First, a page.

The rule just stated is subject to the limitation that, in matters in which an ordinary person would be qualified to pass judgment upon the questioned actions, the inference of care or negligence would be an issue of fact for the finder of fact and not an issue of law for the Court. The facts of the present case do not present a situation within such exception.

This Court concludes that the facts stated in the quoted affidavit, if uncontroverted, require a finding of no negligence and a consequent summary judgment for the defendants.

Plaintiff asserts that the doctrine of res ipsa loquitur is applicable to the circumstances of this case. Negligence is not presumed from the mere fact of an accident or injury. Memphis St. Ry. Co. v. Cavell, 135 Tenn. 462, 187 S.W. 179 (1916). Mullins v. Seaboard Coastline Ry. Co., Tenn. App. 1974, 517 S.W.2d 198.

The res ipsa doctrine is one of evidence and not of substantive law. Quinley v. Cocke, 183 Tenn. 428, 192 S.W.2d 992 (1946). It furnishes a permissible but not compulsory inference of negligence. Scarbrough v. City of Lewisburg, Tenn. App. 1973, 504 S.W.2d 377.

Where the thing causing the harm is shown to be under the management of the defendant or its servants, and the accident is such as in the ordinary course of things does not happen if those having the management use proper care; it affords reasonable evidence in the absence of an explanation, that the accident arose from want of due care. Southeastern Aviation, Inc. v. Hurd, 209 Tenn. 639, 355 S.W.2d 436 (1962). Coca-Cola Bottling Works v. Sullivan, 178 Tenn. 405, 158 S.W.2d 721, 171 A.L.R. 1200 (1942).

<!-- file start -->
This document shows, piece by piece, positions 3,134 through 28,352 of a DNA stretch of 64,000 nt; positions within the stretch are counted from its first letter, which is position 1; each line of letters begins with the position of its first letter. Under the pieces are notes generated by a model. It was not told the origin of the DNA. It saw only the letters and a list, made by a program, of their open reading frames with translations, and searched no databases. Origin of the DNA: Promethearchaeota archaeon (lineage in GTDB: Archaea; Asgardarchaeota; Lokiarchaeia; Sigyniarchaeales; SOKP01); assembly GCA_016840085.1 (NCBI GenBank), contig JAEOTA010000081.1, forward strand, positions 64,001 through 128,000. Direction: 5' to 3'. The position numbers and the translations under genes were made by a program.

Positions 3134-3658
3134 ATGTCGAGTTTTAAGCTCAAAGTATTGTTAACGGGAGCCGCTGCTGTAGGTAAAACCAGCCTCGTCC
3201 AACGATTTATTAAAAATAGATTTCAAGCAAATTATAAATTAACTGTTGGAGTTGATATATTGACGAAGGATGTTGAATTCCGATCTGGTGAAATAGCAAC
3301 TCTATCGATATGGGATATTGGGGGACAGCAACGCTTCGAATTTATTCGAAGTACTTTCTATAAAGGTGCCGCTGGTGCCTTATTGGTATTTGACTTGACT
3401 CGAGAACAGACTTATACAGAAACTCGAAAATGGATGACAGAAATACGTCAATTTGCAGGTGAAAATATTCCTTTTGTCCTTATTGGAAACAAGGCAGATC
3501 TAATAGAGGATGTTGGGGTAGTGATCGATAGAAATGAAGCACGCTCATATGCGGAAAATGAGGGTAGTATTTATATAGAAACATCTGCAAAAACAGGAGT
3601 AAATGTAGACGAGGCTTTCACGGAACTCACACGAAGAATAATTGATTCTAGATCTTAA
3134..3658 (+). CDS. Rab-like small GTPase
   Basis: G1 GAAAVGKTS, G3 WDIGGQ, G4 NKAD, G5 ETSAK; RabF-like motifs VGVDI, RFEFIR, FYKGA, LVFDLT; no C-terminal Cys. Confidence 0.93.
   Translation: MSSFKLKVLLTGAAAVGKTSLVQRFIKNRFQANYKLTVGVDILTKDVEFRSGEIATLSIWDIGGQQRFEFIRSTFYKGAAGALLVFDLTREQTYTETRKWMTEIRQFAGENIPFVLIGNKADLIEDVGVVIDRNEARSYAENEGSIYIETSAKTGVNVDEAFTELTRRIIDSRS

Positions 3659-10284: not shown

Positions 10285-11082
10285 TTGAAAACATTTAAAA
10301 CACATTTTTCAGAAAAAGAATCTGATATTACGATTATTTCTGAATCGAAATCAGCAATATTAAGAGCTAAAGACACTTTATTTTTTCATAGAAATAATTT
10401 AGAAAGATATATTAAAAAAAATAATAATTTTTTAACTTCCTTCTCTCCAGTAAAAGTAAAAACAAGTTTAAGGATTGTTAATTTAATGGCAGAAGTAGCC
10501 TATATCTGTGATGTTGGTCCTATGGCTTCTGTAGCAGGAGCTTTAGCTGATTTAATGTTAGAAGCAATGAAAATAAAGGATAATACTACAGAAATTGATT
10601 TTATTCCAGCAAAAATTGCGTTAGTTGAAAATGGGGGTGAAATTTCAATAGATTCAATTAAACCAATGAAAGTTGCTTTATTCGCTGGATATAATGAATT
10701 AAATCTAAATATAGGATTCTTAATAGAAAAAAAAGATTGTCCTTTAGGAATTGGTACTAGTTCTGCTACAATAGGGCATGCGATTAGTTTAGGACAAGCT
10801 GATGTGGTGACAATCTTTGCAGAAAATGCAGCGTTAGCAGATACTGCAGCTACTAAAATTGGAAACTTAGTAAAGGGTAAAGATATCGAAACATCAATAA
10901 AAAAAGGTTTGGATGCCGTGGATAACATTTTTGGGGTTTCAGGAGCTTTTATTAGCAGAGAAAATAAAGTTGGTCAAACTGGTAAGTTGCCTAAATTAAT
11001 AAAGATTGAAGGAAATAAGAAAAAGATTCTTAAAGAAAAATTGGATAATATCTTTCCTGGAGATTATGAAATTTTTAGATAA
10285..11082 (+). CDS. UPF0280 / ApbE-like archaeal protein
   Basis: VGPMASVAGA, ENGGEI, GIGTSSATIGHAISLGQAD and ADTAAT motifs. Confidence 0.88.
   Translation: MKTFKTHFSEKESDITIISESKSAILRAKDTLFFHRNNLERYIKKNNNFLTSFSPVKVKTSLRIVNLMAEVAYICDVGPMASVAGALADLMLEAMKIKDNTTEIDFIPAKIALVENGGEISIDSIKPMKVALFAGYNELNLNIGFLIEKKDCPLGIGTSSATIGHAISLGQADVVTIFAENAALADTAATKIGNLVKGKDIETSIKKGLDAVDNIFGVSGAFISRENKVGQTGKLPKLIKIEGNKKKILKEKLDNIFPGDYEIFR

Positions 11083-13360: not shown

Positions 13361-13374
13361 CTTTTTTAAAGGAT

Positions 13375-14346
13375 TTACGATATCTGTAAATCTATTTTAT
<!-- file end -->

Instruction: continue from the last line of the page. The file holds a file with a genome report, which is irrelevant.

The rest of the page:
The necessary requirements for application of the doctrine of res ipsa loquitur are:

1. There must be a "thing" causing an injury.

2. That "thing" must be under the exclusive management and control of the defendant or its servants.

*433 3. The "thing" must be shown to be of such a nature that injury does not ordinarily result from its careful management.

In the present case, the "thing" causing the injury was a defective pipe. There is no evidence that it was under the management or control of defendants.

Another "thing" which evidently contributed to the failure of the defective pipe and injury was a cable, which was under the exclusive management and control of the defendants. However, such management and control was "blind," in that the affiant was without knowledge of the route or condition of the pipe or pipes through which the cable was being operated.

Finally, there is no evidence that the "thing" (the cable) was of such a nature that a rupture of a defective pipe does not ordinarily occur when the cable is carefully operated.

In order to contradict the evidence offered by defendant by invoking the doctrine of res ipsa loquitur, the plaintiff had the burden of "showing" (i.e. introducing some evidence that defective pipes do not ordinarily break when penetrated by a cable operated in a careful manner). No such evidence is found in the record, and the knowledge of such matters is not of such general cognizance as to be a proper subject of judicial knowledge.

Plaintiff has presented no evidence to contradict the affidavit presented by defendants. Therefore, defendants are entitled to dismissal by summary judgment.

The judgment of the Trial Court is affirmed. Costs of this appeal are taxed to the plaintiff. The cause is remanded to the Trial Court for collection of costs in that Court and any other necessary proceedings.

Affirmed and Remanded.

LEWIS and CANTRELL, JJ., concur.